He also reminisced about how earlier liberal arts people also staffed client offices. "I have no grouse against MBAs, but MBA has been the worst disaster for advertising agencies because people who have done management by rote, who have no idea of Shakespeare or Tagore, who have no idea about the sensitivities of music, are asked to produce advertising that is bereft of sensitivity," he states.

Seth went on to say that he has a different definition of advertising. For him, the purpose of advertising is to invent desire. "It is not to inform – for that you got to go to Google, Yellow Pages or Wikipedia. What I think advertising was all about – is that it was all about creating magic. It was about engaging the consumer with the brand through the medium of creativity."

He also shed light on the proliferation of media. In the previous days, the clients would ask about hoardings, TV, and cinema - that’s about it. Today's spread is massive—it's digital. India has changed dramatically. It is no longer consuming advertising that is English-speaking; it is consuming advertising that is vernacular. It is regional to the point where the regional influxes are actually carried forward pan India.

Expressing his views, Seth said, one of the dramatic changes is that, due to the rush that everybody seems to be in, less time is spent on strategy and agencies are becoming more tactical. That’s not advertising; that’s salesmanship.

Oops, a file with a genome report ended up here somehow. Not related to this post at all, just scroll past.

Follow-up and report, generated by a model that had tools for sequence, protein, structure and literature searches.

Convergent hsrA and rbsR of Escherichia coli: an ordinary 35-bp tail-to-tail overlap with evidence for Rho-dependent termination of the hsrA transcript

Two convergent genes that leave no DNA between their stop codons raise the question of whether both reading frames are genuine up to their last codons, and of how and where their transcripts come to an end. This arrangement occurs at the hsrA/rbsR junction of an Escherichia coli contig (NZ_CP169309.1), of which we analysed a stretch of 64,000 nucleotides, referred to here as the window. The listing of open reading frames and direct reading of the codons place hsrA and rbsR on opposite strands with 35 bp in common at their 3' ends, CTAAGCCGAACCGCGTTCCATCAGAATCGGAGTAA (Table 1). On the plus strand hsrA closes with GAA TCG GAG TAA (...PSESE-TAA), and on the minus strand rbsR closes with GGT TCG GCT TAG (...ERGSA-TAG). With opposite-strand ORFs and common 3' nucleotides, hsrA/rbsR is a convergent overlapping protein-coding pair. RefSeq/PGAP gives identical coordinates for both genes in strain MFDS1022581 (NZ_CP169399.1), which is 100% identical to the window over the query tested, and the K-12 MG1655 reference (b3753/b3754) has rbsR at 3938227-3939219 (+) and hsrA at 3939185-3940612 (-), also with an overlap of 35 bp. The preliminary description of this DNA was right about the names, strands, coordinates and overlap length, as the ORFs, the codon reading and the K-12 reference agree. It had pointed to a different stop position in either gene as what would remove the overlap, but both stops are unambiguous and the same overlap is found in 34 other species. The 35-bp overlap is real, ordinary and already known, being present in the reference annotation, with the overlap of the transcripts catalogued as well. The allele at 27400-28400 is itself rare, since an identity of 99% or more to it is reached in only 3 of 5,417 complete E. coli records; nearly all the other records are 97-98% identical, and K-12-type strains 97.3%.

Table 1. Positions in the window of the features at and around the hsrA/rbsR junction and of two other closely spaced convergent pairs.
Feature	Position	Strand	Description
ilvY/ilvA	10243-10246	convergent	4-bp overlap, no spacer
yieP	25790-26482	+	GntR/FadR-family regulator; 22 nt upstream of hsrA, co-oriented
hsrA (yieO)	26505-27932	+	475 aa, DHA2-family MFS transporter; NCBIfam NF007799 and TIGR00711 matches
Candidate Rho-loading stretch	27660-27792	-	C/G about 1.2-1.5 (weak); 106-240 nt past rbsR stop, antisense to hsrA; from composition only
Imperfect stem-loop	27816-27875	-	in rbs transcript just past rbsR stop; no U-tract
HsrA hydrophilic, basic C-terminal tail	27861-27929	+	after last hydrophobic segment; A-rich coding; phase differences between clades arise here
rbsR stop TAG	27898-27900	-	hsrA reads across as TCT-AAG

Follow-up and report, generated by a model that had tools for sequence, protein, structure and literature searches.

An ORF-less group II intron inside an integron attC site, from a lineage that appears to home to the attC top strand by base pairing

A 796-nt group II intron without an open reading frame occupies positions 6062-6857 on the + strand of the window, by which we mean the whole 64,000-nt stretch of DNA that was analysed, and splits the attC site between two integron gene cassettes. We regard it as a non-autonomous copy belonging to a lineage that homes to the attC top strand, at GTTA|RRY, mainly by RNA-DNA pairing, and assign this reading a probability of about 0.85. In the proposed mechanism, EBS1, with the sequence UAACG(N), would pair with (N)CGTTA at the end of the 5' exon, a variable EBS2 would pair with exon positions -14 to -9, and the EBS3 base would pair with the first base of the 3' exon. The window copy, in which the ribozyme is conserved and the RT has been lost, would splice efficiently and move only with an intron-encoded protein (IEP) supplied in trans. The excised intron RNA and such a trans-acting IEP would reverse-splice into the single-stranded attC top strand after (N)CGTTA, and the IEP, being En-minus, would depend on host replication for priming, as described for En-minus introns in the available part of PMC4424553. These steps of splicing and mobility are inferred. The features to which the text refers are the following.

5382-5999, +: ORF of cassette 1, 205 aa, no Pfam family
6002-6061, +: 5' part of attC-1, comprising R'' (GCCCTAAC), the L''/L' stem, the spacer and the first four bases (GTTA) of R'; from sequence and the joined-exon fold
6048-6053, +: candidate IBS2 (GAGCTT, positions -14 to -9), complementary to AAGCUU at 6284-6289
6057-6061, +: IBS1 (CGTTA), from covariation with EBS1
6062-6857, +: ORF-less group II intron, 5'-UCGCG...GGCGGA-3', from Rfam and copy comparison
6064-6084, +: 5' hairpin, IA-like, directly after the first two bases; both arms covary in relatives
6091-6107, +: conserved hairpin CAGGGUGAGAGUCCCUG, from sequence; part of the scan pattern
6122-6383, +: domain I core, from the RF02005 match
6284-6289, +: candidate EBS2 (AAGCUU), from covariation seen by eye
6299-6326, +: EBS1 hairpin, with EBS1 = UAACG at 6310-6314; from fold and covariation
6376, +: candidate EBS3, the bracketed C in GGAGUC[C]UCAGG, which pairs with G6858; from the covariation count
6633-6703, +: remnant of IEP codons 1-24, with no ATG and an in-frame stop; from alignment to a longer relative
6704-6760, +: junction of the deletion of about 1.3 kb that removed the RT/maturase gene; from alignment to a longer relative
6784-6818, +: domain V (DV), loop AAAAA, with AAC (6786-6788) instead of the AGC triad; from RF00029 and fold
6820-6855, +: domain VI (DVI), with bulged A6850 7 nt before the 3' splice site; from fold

"They also don't prepare for brands with the rigour that we used to. For example, there were partnerships between Madison’s creative and media agencies. "Now, rather than partnering communication, I see media agencies as a post box or an amplifier for disseminating communication," he said.

Seth also put forth his concern, saying that the advertising industry has stopped being inventive and innovative. "We have become more and more risk averse. Because you are talking about billions of dollars being spent, and no one wants to take the risk," he said.

"Another thing is that people are wanting to manage not the consumer, but the client. When you start managing the client, you immediately forget the consumer. Nowadays, it’s very important for the CEO and his wife to be happy, rather than the other way round," he said.

"Today, we are also fraught with a lot of social tensions in our society. Religion, which was in the background, is now in the foreground. You have discrimination; you have political grandstanding. People using social media are bullying and trolling clients and companies to withdraw advertising, which is actually an attempt at conveying something creatively," Seth went on to say.

Ogilvy India head of strategic planning Rohitash Srivastava feels that in an ideal scenario, advertising has become complete. "Earlier we were worried about changing people's thoughts and beliefs. And the behaviour part was kind of missing, you change a person's mindset and then you leave him to behave the way he wants to. Now with digital and technology coming in, the promise of technology was that we are going to change behaviour, we are going to drive behaviour change. So that was the ideal scenario. And that's why I'm saying that now advertising in an ideal world is not just about thinking and feeling; it's also about thinking, feeling, and doing," he pointed out.

He goes on to explain that, in reality, the advertising industry has become more schizophrenic than ever. And there is a lot of speed, but there is no velocity.